After seven years of operating live video hay auctions online, Valley Video Hay Markets and Torrington Livestock Markets have come up with a new twist. The Torrington, WY-based businesses began offering two-day-long, timed hay auctions under the banner, Hay Time Auctions, as another service to buyers and sellers earlier this year.
"It's a new way of conducting an auction, and it's proving to be very popular with buyers and sellers alike," says Valley Video's Barry McRea. He notes that, at the first timed auction held in March, his company moved 3,500 tons of hay. The next month, another 3,000 tons of hay were sold. Most of the hay sold at the two early sales was from western Nebraska and Wyoming. Bidders were from as far away as Pennsylvania.
The timed auctions are relatively straightforward:
McRea travels to each consignor to take pictures of hay offered for sale and to send a sample from each lot to Olsen's Agricultural Laboratory in McCook, NE, for RFV, protein, ADF, moisture, lignin and sugar analysis. Photos, test results and directions to sellers' businesses are posted on the Valley Video Web site before auction time.
Online bidding begins on Wednesdays at 8 a.m. (MDT). Buyers also have the option of placing maximum bid amounts on particular lots.
At 2 p.m. the next day, sale lots within the timed auction begin to close at two-minute intervals. If there's any bidding activity on a lot during that two-minute period, the sale is extended for five minutes. Bidders stating maximum bid amounts automatically receive email notifications whenever bids are exceeded – so they can submit higher bids. Each new bid triggers a five-minute extension of the sale for that particular lot.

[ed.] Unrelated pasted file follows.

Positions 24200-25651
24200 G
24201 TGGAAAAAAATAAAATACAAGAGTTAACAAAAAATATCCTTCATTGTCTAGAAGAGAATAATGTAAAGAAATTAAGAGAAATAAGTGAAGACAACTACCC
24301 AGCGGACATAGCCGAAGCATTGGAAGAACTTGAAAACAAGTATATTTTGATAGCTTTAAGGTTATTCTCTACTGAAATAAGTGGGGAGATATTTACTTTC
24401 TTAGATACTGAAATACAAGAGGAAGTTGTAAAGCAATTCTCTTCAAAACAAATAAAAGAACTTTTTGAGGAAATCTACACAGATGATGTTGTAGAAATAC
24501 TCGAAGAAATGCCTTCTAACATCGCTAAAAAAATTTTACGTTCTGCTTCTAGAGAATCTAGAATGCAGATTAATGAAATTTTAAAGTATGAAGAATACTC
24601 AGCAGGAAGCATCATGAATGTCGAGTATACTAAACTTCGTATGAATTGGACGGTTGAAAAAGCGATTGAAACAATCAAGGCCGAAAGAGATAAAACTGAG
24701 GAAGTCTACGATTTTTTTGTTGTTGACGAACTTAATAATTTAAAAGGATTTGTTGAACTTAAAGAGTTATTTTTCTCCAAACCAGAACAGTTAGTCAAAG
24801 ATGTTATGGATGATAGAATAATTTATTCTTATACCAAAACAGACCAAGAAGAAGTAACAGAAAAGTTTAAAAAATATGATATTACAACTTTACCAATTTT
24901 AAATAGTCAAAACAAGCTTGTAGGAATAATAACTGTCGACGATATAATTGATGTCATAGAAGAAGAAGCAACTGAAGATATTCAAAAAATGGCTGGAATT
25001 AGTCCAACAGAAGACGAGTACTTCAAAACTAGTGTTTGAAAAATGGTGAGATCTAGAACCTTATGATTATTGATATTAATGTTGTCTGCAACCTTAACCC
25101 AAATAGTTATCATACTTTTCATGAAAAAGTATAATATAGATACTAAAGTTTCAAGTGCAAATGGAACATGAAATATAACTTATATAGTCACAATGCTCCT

McRea says timed auctions appeal to hay sellers for several reasons. "A major benefit for growers is that, when they put their hay up for sale online, it can potentially be seen by every buyer in the country rather than just a few local buyers. It's a pretty good tool for price discovery."
Also, because the Valley Video Hay Auction is operated in conjunction with the Torrington Livestock Market, sellers are guaranteed prompt and secure payments. "As soon as the hay is loaded, the seller sends a scale ticket to Torrington Livestock and a check is issued within seven days. In turn, Torrington takes the responsibility for invoicing the buyer for payment."
Buyers also don't have to travel to auctions to inspect hay or place bids. "They can place bids from anywhere in the country as long as they have access to the Internet," McRea says. "We're seeing more and more people taking part in the auction using their smart phones."
Brokers working for livestock producers prefer timed over live video auctions because they get more time to contact customers about lots being offered. "And it gives people more time to check with several trucking companies about freight rates and truck availability," says McRea.
He plans to conduct timed auctions on a twice-monthly basis through November. The next auction will start June 8. Along with hay from Wyoming and Nebraska, he expects Kansas and Utah lots for sale at this summer's auctions.